No. When a microwave oven is off, the cooking chamber contains nothing special at all—just some trapped air and perhaps a little light that enters through the window. Even when it is operating, a microwave oven never produces any ionizing (high energy) radiation so there are no long-term effects such as radioactivity present in the cooking chamber when the oven is off. The tomato was simply sitting in a sealed metal box overnight. Since some fruits ripen faster in sealed environments, perhaps that accounts for your observation.
No more so than conventional heating does. Overheating some nutrients can damage them, so that microwave cooking does affect food's nutritional value. But microwave cooking is far less likely to cause serious molecular damage to food than flame broiling or frying.
Apart from the usual precautions with hot food, there is nothing unsafe about food cooked in a microwave oven. You can eat it the instant the microwave oven turns off. The microwaves in the oven are absorbed so quickly that they vanish almost immediately after the oven stops producing them. By the time you get the oven door open, there is nothing hazardous left inside the cooking chamber or in the food. However, a microwave oven tends to heat foods unevenly, particularly if they were initially frozen. Thus you should be careful to stir the food or test its temperature at various places so that you don't burn yourself. You should be particularly wary of solid foods, such as raisin biscuits, that are generally dry but have moist, microwave-absorbing objects inside them. Those moist objects can become dangerously hot and have been known to cause life-threatening burns in people who tried to swallow them without letting them cool off.
That said, a reader notes that the uneven cooking in a microwave oven can lead to bacterial safety problems—if parts of the food aren't heated sufficiently to kill dangerous bacteria, then you could be exposing yourself to those bacteria. He suggests using the microwave oven for reheating only. He also notes that the lack of surface heating leaves the food relatively tasteless, as compared to more conventional cooking.
Just about any cooking damages the cells of the food being cooked, so microwave cooking is nothing unusual. Since our digestive systems destroy cells in the food we eat, cellular damage in cooking is inconsequential. As for the rumors about the unhealthiness of food cooked in a microwave oven, these are simply myths promulgated by people who don't understand what microwaves are and fear them irrationally. The world was awash in microwaves from natural sources long before the developments of electricity and microwave ovens.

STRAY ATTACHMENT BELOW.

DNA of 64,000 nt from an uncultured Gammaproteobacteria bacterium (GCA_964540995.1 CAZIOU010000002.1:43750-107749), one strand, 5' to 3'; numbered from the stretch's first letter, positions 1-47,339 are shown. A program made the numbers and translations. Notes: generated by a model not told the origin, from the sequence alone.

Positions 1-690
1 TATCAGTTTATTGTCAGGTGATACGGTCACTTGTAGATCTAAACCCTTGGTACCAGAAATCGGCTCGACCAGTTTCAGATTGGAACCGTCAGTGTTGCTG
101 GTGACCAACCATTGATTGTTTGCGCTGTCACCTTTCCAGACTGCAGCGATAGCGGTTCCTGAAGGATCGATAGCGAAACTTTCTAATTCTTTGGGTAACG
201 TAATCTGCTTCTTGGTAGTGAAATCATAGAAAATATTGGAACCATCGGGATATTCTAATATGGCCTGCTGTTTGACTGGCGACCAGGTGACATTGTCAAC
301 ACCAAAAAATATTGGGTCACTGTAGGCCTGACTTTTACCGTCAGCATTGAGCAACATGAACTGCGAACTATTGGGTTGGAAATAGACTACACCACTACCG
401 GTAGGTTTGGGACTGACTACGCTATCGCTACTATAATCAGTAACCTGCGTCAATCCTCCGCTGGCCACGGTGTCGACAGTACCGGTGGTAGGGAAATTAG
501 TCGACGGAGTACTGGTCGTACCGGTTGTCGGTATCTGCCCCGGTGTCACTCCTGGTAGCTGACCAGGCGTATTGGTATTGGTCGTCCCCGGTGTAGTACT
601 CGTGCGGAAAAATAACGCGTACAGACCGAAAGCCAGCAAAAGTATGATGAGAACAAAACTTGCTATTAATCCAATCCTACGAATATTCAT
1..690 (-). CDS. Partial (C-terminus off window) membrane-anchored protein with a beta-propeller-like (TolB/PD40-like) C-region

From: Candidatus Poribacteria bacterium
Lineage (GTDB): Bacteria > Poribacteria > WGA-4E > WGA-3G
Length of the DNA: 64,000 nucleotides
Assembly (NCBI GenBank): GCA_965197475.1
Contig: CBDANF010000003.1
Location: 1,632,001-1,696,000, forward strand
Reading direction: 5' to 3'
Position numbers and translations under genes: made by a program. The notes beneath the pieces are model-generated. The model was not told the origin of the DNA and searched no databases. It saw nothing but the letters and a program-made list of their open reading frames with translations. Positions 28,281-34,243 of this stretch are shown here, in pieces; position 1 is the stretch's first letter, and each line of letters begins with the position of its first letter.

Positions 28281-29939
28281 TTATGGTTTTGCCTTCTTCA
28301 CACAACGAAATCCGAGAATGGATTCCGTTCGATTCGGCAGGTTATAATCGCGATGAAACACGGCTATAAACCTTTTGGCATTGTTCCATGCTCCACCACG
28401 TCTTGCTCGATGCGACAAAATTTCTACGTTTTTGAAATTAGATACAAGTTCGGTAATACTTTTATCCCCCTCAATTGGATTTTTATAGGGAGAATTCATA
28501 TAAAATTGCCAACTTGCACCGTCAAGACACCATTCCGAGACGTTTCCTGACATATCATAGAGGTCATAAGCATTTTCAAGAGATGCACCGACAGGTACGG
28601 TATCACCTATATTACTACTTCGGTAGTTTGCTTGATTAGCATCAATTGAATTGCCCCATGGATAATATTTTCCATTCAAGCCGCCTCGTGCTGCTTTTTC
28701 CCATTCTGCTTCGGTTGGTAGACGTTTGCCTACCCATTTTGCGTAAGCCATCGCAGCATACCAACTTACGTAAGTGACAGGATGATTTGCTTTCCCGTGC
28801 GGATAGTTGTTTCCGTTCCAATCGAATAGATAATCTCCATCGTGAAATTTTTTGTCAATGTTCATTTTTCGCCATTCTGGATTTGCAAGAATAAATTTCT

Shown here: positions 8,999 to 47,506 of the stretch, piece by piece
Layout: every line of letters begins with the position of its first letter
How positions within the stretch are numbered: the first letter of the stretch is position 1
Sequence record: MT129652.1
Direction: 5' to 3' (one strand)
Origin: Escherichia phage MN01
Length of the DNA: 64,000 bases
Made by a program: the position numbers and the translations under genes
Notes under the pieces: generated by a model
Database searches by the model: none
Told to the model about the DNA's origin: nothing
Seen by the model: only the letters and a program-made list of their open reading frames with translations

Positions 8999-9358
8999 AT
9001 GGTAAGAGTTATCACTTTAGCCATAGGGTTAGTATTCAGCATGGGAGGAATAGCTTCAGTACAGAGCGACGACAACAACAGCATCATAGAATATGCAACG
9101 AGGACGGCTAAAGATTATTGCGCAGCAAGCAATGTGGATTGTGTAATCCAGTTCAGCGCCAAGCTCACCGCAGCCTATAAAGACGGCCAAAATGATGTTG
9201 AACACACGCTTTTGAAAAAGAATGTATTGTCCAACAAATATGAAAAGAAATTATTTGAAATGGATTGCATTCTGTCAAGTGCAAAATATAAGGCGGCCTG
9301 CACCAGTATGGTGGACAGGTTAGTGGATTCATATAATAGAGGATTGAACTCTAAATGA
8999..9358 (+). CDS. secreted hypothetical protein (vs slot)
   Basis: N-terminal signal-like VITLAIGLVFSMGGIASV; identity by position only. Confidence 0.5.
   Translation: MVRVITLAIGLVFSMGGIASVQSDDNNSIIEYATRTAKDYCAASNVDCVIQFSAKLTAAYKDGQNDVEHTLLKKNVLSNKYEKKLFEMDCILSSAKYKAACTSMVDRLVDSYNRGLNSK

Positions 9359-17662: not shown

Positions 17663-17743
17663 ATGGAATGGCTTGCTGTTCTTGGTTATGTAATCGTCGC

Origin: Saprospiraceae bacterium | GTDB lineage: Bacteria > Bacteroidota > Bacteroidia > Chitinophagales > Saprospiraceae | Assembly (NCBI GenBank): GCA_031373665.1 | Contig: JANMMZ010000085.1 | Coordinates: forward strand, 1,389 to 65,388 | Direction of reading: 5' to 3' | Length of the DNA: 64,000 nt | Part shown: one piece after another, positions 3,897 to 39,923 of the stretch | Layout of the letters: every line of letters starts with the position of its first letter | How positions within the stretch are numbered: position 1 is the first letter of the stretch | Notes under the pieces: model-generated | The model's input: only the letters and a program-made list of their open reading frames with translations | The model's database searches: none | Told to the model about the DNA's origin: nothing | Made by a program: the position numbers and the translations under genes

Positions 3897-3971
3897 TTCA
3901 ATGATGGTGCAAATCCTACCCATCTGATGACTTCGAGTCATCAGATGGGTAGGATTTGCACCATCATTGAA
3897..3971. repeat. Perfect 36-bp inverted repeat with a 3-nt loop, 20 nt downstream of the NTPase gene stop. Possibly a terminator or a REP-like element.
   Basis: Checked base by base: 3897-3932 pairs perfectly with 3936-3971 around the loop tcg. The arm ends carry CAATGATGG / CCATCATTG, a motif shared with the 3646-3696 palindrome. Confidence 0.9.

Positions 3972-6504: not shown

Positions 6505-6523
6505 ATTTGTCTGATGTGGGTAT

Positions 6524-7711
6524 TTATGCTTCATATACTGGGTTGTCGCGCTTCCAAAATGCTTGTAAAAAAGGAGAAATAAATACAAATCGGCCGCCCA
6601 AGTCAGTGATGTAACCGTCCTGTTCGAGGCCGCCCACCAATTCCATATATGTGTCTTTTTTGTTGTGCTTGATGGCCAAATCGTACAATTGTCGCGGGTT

While microwave heating could be used to sterilize sewage, it's not the most energy efficient or inexpensive technique. Microwave heating is really only worthwhile in cases where you can't reach the inside of an object directly—as is the case in most solid foods. Since sewage is essentially liquid, it can be heated quickly and efficiently by passing it close to a hot surface. Just about anything can be used to heat that surface—electricity, natural gas, coal, you name it.
But to be even more energy efficient, the sewage that was just sterilized a minute ago and is still hot can be used to heat the sewage that is about to be treated! A well designed thermal treatment facility could employ "counter-current exchange"—that is it could pass the hot, treated material through a heat exchanger to allow it to transfer most of its excess heat to the cooler, untreated material that is about to be sterilized. By recycling the heat in this manner, the facility could avoid having to burn so much fuel. The only drawback with this technique is that the heat exchanger must be leak-proof—it must keep the sterilized material from touching and being contaminated by the unsterilized material.
The fact that sound waves can pass through the cooking chamber's metal walls doesn't mean that microwaves can. These two types of waves are very different and the chamber's walls handle them very differently.